By Jim Umhoefer
At its birth in Itasca State Park, the Father of Waters is a humble brook that bubbles over rocks and flows quietly between narrow, wooded banks. But as it winds through Minnesota for almost 700 miles in great serpentine curves, the growing river lives up to its name. From its wilderness origins, the Mississippi River is transformed into a broad, commercially busy river at the Twin Cities and below. Families and beginning canoeists can enjoy canoeing on the river, now substantially subdued by dams.
The first white man to see the river was Hermando De Soto, in 1541. Though many tried to find its source, it was not until 1832 that Henry Schoolcraft and his Ojibway guide, Ozawindib, discovered the headwaters of the Mississippi River at Lake Itasca. Most of the wildlife and scenery that Schoolcraft saw on his quest are still part of a canoeist's experience on the 60-mile stretch between Lake Itasca and Lake Bemidji. In this portion, marshes alternate with 60-foot banks cloaked with jack, red and white pines.
The first 15 miles are impassable at times because of shallow water and beaver dams. The intermittent rapids upstream from Lake Bemidji are not difficult to canoe, but windfalls, brushy areas, and sand bars make for rough passage in spots. You might see beavers, otters and a variety of waterfowl along the way. Black bear, deer and even timber wolves inhabit the Mississippi Headwaters State Forest, which lines the channel.
In the conifer bogs below Stumphges Rapids, look for wild orchids in the shade of tamarack and black-spruce tree. Insect-eating sundew and pitcher plants live in these bogs, too.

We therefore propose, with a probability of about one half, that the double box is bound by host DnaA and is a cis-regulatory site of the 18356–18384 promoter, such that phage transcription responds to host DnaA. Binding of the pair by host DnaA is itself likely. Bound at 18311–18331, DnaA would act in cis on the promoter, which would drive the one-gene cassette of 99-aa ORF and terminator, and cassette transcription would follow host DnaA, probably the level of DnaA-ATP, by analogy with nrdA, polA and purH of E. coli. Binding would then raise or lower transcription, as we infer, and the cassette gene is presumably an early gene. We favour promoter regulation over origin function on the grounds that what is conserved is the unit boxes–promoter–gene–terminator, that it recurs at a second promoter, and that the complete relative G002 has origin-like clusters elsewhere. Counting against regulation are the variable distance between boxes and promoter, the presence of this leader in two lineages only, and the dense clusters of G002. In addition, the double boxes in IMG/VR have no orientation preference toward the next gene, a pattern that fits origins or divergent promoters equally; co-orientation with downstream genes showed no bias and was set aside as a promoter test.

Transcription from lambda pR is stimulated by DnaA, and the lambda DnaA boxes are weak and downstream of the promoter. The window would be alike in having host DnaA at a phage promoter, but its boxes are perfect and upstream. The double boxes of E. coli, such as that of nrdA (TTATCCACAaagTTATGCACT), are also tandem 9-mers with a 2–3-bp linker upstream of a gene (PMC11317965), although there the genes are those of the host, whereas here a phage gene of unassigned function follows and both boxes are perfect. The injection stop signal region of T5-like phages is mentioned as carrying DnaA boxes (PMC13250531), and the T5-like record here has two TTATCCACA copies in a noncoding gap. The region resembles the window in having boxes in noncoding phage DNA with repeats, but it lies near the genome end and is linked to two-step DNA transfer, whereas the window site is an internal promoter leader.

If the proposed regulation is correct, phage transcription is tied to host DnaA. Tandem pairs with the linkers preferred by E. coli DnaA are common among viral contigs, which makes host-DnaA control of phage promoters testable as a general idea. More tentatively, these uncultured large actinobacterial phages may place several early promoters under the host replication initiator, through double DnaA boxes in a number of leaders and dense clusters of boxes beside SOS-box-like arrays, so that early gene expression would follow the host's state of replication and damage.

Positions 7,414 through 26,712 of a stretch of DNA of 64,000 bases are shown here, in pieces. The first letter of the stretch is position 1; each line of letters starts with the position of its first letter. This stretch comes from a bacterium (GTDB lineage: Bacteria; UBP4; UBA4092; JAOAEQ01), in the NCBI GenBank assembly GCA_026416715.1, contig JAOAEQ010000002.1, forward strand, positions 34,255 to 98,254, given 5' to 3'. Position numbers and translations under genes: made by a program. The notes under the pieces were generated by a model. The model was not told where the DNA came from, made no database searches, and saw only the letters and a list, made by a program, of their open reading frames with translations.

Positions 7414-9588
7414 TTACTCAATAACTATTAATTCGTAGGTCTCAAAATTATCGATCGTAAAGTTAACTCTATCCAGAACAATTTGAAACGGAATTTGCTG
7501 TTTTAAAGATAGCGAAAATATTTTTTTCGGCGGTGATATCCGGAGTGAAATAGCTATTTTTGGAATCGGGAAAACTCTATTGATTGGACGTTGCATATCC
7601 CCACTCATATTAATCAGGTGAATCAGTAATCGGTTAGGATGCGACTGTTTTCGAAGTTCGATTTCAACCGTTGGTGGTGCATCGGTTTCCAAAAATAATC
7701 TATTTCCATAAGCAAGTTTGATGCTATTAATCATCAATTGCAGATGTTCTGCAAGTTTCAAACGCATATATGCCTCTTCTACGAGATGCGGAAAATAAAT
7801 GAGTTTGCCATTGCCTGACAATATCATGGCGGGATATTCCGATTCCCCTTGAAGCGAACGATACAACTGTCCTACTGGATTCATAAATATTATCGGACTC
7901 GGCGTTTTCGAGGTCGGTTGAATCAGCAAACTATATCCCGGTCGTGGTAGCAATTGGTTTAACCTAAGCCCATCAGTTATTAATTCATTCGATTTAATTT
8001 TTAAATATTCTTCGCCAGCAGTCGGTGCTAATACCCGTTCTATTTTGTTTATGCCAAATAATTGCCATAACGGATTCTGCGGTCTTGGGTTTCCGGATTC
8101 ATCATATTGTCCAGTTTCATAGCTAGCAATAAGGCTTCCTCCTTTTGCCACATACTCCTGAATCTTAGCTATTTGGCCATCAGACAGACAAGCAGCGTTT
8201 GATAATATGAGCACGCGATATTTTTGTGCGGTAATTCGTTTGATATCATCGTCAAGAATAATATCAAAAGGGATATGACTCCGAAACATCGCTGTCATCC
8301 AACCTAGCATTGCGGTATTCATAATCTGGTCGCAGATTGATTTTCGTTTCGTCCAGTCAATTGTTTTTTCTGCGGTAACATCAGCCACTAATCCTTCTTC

The stretch from Pine Point to Iron Bridge is characterized by swampy lowlands and rice beds where Ojibway Indians still harvest wild rice. Canoeing here is an exercise in patience, as the river meanders in a series of large oxbows, often doubling back to within yards of a bend you just paddled around.
As you near lakes Irving and Bemidji, the landscape changes from wilderness to agricultural to residential. Lake Bemidji State Park, at the northeast corner of the lake, has a semi-modern campground and naturalist programs. Accesses and campsites space along this 60-mile headwaters section mean that you can plan three- to five-day trips. Outfitters are located near Itasca State Park and Bemidji.
Below the hydroelectric dam several miles downriver from Lake Bemidji, the Mississippi enters a region of lakes. The marshes between the lakes provide breeding areas for mallards, blue-winged teal and other waterfowl. Fishing is good at times for walleyes, largemouth bass, muskies and northern.
The river flows through the Buena Vista and Bowstring state forests and the Chippewa National Forest on its way from Cass Lake to Lake Winnibigoshish. Dams require portages at the outlets of these lakes. Lake Winnibigoshish is too large to cross safely by canoe-sudden winds and waves can catch canoeists far from land-but you can follow its south shore, where a couple of primitive campsites offer shelter.
The Mississippi River again coils back and forth on itself in a convoluted maze from Ball Club Lake almost to Schoolcraft State Park. About 14 miles below the park is the first of two dams in the Grand Rapids area requiring portages.
Between Deer River and Libby, the upper Mississippi changes to banks of pine and hardwoods. Waterfowl are not as plentiful, but deer herds are large around the Golden Anniversary and Hill River state forests.
In Aitkin County, the Mississippi River flows through forested flatlands. Numerous oxbows that once were part of the main channel now form secluded backwaters. The largest of the steamboats that used to travel between Aitkin and Grand Rapids sometimes clipped the riverbanks while rounding the sharp bends in this area.